The food link this week is pineapple. Pineapple contains a digestive enzyme called bromelain, a cysteine protease with the same function to break down protein as the digestive enzyme in house dust mite intestine.
Uncooked figs and papaya also have a similar proteolytic enzyme. This means if you try to make jelly (Jell-O in the US) with pineapple it will not set because it breaks down the gelatin protein and stops it working. You can use fresh (not canned) pineapple juice as a marinade to make meat more tender – be careful, or the meat will end up as a sloppy mush.
*eosinophils also have a peroxidase like neutrophils, but eosinophil peroxidase preferentially combines hydrogen peroxide with bromide, to produce hypobromite, which is presumably more effective in killing worms than hypochlorite.
3 thoughts on “Asthma and pineapple”
Back in 1987 when I was an MSc student in London, I helped as a volunteer for an asthma research project at the Brompton hospital. I inhaled leukotrieneB4 to initiate an attack & it felt like I could only take quater of a breath in – I went to take a normal breath & it stopped before my lungs were full – glad it was fully controlled. They then gave me mustard powder to inhale as the coughing may help relieve the attack. I turned out to be one of the one in a hundred people not sensitive to mustard powder, but all was well.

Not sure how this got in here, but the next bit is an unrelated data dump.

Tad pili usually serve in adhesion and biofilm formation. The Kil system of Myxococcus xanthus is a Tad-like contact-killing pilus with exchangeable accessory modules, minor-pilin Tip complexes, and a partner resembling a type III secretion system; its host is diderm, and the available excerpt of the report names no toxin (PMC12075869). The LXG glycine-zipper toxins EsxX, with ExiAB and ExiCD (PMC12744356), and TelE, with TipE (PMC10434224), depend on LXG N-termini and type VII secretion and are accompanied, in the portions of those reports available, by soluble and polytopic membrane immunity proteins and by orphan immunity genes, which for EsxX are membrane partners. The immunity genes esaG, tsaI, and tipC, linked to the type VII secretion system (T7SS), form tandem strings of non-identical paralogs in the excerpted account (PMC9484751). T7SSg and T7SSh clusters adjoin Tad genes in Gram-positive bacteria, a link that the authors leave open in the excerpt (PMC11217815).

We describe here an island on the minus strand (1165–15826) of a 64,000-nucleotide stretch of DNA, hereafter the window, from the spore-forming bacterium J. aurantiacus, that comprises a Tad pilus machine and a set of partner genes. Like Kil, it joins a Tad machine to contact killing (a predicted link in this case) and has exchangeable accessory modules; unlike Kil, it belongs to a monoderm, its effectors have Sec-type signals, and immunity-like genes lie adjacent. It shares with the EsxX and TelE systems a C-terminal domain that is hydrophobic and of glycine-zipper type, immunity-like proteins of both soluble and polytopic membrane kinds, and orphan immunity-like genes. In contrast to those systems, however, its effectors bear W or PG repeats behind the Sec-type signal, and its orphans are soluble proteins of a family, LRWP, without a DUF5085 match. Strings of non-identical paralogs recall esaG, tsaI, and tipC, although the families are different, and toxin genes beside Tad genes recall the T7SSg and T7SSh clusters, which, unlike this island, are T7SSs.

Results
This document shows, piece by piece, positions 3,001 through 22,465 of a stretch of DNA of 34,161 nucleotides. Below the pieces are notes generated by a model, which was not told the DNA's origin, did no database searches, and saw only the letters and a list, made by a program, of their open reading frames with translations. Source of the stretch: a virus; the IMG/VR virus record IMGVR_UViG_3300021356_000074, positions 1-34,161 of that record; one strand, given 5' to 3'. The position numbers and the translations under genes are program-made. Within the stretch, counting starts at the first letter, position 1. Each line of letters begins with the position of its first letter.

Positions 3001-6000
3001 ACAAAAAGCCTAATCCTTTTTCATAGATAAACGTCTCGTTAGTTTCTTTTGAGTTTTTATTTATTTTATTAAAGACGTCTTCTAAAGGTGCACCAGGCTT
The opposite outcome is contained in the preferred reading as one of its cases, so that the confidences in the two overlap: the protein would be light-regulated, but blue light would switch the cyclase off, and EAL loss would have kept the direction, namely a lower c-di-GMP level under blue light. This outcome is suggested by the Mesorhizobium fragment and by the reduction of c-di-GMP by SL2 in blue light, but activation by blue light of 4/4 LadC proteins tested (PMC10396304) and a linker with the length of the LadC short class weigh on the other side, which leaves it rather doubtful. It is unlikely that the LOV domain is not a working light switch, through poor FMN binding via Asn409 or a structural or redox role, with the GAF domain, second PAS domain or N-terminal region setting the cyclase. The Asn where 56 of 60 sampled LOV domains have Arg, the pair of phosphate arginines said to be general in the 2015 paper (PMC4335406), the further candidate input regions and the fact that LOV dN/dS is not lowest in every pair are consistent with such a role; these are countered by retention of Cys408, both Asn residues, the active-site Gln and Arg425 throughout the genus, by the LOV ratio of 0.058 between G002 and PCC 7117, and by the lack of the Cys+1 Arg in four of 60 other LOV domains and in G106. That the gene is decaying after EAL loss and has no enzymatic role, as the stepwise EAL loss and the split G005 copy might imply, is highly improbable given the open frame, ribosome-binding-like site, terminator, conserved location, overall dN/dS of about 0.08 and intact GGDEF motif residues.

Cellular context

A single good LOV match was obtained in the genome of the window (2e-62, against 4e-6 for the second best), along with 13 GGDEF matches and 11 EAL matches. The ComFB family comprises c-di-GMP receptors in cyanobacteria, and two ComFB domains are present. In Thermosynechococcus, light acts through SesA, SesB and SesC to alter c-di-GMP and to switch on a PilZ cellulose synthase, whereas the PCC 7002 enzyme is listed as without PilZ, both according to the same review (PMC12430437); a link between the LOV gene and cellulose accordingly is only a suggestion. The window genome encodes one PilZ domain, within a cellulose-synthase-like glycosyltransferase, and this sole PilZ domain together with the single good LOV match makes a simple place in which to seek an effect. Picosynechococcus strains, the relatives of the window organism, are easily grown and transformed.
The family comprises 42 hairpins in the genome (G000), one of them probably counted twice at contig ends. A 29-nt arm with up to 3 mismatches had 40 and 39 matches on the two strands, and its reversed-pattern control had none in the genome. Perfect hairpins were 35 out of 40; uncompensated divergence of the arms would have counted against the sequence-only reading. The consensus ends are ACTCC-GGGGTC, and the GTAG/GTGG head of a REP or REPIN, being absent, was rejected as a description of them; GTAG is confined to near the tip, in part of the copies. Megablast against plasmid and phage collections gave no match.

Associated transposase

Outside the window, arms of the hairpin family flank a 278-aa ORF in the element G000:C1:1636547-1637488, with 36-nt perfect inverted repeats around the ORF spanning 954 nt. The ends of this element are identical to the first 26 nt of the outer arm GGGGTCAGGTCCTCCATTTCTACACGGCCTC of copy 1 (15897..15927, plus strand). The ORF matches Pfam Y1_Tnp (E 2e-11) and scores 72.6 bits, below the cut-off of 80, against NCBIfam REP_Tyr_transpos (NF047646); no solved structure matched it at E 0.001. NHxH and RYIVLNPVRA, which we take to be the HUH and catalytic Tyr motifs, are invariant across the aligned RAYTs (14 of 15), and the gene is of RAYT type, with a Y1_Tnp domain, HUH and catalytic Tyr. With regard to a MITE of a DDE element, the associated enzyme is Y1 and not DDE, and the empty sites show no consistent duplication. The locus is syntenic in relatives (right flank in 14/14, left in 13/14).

Loved the article on Asthma. My son grew out of it. As a nipper (we’re Australian) he used to wheeze when he was stressed, either through physical exertion or through anxiety. These days, 25 years later, he’s more likely to have a hard-to-shift cold than some of his friends but (touch wood) seems to be free of the asthma proper. On the other hand, I hear of older people developing late-onset asthma. I’m not sure you said much about the susceptibility of different people at different ages, or even the same people at different ages. Are there any credible theories for this perceived waxing and waning of asthma-susceptibility over an individual’s lifecycle? Thanks for the blog: it’s great!
I think we first need to find out why young people get asthma. Then we may be able to work out why it gets better in most of them as they get older and only starts in some when they are adult. I think we will find that there are multiple genes responsible, this combined with a multitude of environmental allergens will make a complicated picture. I do think it can be worked out, but we’re a long way off at the moment.